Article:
Tulane University’s Howard-Tilton Memorial Library has acquired the complete archives of famed New Orleans author Anne Rice (right), thanks to a gift from Stuart Rose and the Stuart Rose Family Foundation. Rice’s work has included gothic and erotic fiction, as well as Christian literature, but she is best known for her novels in vampire and supernatural fiction. Rice’s first book, Interview with the Vampire, was published in 1976. The Anne Rice Archive includes manuscripts of most of her published novels, unpublished short stories, personal artifacts, journals, screenplays, and other materials documenting Rice’s literary and personal life....

KATC-TV, Lafayette, La., Jan. 30

Australian libraries help with bushfire recovery

Image from ALIA’s international collaboration slideshow

The Australian Library and Information Association has published a statement in response to the ongoing bushfire crisis. ALIA has been monitoring the situation and published reports in ALIA Weekly about libraries being used as evacuation centers, refuges for those avoiding smoke, and places where people can access information and families can gain respite. Libraries have stepped up to help their communities, showing compassion and dedication, often while facing challenging situations in their own homes. ALIA has created this slideshow, which has further information on how to assist bushfire-affected areas....

Australian Library and Information Association

Occupational gender bias in online images

Librarian stereotypes. Image by Rebecca Lomax

Rutgers researchers say gender bias corresponding to certain occupations are prevalent on digital and social media platforms. The study, published in the Journal of the Association for Information Science and Technology, finds that online images of men and women in four professions—librarian, nurse, computer programmer, and civil engineer—tend to represent and reinforce existing gender stereotypes. Rutgers researchers analyzed search results on four digital media platforms (Twitter,, Wikipedia, and Shutterstock) and compared them with the gender representation of each occupation in the US Bureau of Labor Statistics....

EurekAlert! Feb. 3; JASIST, Jan. 22
Latest Library Links

Five tips for using census records in genealogy research

1860 Census, Mecklenburg County, Virginia

Lisa Lisson writes: “Census records are some of the first records genealogy researchers begin with. Whether you are a seasoned genealogy researcher or a brand new researcher, understanding the basics of census research is essential to finding your ancestors. While the five tips in this post are from US census records, the strategies apply to census research for any country.”...

Are You My Cousin?

Kobe’s bookshelf

Kobe Bryant

Keith Kesler writes: “Kobe Bryant’s post-basketball life was dedicated to inspiring young people through storytelling. He told CBS This Morning Saturday that in 50 years he hoped to be remembered ‘as a person that was able to create stories that inspired their children and families to bond together.’ His second act was cut short on January 26 when a helicopter he was riding in with his daughter Gianna and seven others crashed in Calabasas, California. As one would expect from a passionate storyteller, Bryant also appreciated reading a good book. I searched through old interviews and social media posts to find the books that inspired the Black Mamba.”...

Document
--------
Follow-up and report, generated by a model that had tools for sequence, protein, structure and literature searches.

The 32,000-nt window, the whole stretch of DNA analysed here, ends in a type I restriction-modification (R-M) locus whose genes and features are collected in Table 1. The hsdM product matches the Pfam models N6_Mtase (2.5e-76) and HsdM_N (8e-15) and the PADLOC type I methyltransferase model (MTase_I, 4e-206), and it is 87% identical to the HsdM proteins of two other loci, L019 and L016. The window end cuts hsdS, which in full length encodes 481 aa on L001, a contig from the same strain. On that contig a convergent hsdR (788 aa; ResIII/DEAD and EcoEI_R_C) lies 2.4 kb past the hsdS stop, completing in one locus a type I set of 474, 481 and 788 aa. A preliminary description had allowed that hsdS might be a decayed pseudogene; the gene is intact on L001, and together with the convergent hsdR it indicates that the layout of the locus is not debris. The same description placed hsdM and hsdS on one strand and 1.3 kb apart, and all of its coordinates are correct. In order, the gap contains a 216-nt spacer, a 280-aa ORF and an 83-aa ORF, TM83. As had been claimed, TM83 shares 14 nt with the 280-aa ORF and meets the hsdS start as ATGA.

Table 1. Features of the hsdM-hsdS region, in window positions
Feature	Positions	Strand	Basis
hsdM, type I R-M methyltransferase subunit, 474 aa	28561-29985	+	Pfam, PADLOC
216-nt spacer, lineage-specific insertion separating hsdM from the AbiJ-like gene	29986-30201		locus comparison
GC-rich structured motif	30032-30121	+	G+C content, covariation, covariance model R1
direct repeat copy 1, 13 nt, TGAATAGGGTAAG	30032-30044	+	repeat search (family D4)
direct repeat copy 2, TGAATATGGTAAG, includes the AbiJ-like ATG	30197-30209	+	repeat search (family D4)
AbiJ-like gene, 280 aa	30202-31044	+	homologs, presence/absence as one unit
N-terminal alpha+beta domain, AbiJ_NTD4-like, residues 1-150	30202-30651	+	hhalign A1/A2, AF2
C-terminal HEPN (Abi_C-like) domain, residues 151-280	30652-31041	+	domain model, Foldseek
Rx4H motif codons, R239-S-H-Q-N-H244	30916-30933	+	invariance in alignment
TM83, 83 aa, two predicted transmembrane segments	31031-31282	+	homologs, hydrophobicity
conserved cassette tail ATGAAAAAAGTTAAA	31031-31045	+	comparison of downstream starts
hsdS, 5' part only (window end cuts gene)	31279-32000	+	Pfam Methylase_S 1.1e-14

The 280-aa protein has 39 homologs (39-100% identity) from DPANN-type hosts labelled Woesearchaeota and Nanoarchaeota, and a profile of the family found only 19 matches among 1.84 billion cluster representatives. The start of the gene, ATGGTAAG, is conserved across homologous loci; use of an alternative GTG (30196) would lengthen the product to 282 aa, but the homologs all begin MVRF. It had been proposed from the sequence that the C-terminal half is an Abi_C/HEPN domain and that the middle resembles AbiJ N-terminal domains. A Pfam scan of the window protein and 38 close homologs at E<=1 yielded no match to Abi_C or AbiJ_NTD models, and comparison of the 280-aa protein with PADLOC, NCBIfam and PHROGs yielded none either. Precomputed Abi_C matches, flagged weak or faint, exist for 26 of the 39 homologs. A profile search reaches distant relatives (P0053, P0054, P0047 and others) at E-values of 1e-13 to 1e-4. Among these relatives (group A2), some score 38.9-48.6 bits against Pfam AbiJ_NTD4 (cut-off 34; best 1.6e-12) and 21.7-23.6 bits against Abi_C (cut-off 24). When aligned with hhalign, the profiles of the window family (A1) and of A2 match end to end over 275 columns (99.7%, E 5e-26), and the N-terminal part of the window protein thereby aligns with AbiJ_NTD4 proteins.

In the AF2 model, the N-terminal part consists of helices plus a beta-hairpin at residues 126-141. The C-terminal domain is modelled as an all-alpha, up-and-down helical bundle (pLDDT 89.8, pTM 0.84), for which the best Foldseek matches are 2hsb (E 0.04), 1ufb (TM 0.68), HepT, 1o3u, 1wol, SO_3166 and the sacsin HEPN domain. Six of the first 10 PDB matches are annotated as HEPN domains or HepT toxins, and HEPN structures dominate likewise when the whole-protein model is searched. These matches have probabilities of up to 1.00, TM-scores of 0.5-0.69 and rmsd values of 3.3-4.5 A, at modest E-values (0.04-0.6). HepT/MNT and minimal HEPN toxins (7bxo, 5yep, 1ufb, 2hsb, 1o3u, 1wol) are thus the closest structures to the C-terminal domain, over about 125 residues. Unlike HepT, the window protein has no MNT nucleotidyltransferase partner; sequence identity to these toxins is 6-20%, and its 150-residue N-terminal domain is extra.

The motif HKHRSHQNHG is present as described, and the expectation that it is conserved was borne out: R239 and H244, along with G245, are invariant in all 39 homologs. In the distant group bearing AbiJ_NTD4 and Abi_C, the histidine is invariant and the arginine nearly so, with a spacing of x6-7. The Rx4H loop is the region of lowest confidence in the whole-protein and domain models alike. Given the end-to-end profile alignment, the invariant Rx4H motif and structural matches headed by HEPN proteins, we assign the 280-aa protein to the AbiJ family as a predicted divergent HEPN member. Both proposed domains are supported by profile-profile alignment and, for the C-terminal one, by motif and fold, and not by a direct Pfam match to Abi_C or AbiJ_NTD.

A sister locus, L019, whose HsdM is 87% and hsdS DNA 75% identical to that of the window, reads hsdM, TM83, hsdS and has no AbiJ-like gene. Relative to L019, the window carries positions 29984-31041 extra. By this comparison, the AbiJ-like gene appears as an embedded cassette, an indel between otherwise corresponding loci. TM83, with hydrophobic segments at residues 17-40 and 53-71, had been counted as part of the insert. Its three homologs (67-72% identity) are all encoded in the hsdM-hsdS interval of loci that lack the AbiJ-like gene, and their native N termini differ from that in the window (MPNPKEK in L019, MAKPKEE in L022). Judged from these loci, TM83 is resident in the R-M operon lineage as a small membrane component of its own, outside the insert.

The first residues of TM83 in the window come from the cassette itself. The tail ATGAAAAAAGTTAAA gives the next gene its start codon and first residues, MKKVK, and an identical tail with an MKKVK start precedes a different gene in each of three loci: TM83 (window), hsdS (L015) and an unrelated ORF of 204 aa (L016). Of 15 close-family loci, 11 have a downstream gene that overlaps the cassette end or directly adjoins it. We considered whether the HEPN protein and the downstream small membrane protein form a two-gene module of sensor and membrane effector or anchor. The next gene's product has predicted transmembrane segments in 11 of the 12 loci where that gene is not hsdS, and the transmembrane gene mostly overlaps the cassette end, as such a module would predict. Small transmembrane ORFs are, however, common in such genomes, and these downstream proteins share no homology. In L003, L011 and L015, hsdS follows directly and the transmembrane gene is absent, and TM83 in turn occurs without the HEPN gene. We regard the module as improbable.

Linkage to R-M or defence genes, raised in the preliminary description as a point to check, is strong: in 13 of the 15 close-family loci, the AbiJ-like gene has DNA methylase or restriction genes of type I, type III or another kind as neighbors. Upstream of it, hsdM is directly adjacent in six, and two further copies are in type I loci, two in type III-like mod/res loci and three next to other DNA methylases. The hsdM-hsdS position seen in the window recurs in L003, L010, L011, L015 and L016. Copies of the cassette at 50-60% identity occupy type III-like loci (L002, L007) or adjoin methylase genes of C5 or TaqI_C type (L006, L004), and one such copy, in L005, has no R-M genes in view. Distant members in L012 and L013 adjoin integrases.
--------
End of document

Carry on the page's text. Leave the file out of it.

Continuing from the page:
Los Angeles Public Library Blog, Jan. 28; CBS News, Nov. 9, 2019
Dewey Decibel podcast

What were women reading?

Book of Hours, Salisbury. Published in Paris, 1533? Folger STC 15982

Georgianna Ziegler writes: “Peer with me into the books left behind by women readers in the 16th, 17th, and 18th centuries. What kind of books were they reading? What sort of notes did they write in them? What can we learn about their lives? Using the Folger Shakespeare Library’s online catalog, I’ve been able to identify hundreds of women from the late 1500s to the early 1800s and the books they had in their possession. Some of the women who turn up are quite well-known, such as Anne of Cleves, Henry VIII’s fourth wife. She left a Book of Hours (a Christian devotional book) that she had given to Henry, perhaps when she first came to England.”...

Shakespeare and Beyond, Jan. 24

150K animal and plant illustrations available

I Cefalopodi viventi nel Golfo di Napoli (sistematica). Berlin : R. Friedländer & Sohn, 1896.

In an effort to share information to combat the ongoing climate crisis, the Biodiversity Heritage Library’s Flickr site offers more than 55 million pages of literature, some of which date back to the 15th century. Some 158,000 illustrations are available for free download in high-resolution files. Among the collections is a digital copy of Joseph Wolf’s two-volume Zoological Sketches containing about 100 lithographs depicting wild animals housed in London’s Regent’s Park. Other diverse works range from a watercolor project detailing flowers indigenous to the Hawaiian islands, to a guide for do-it-yourself taxidermy with illustrated instructions published in 1833....

Colossal, Jan. 31; Flickr: Biodiversity Heritage Library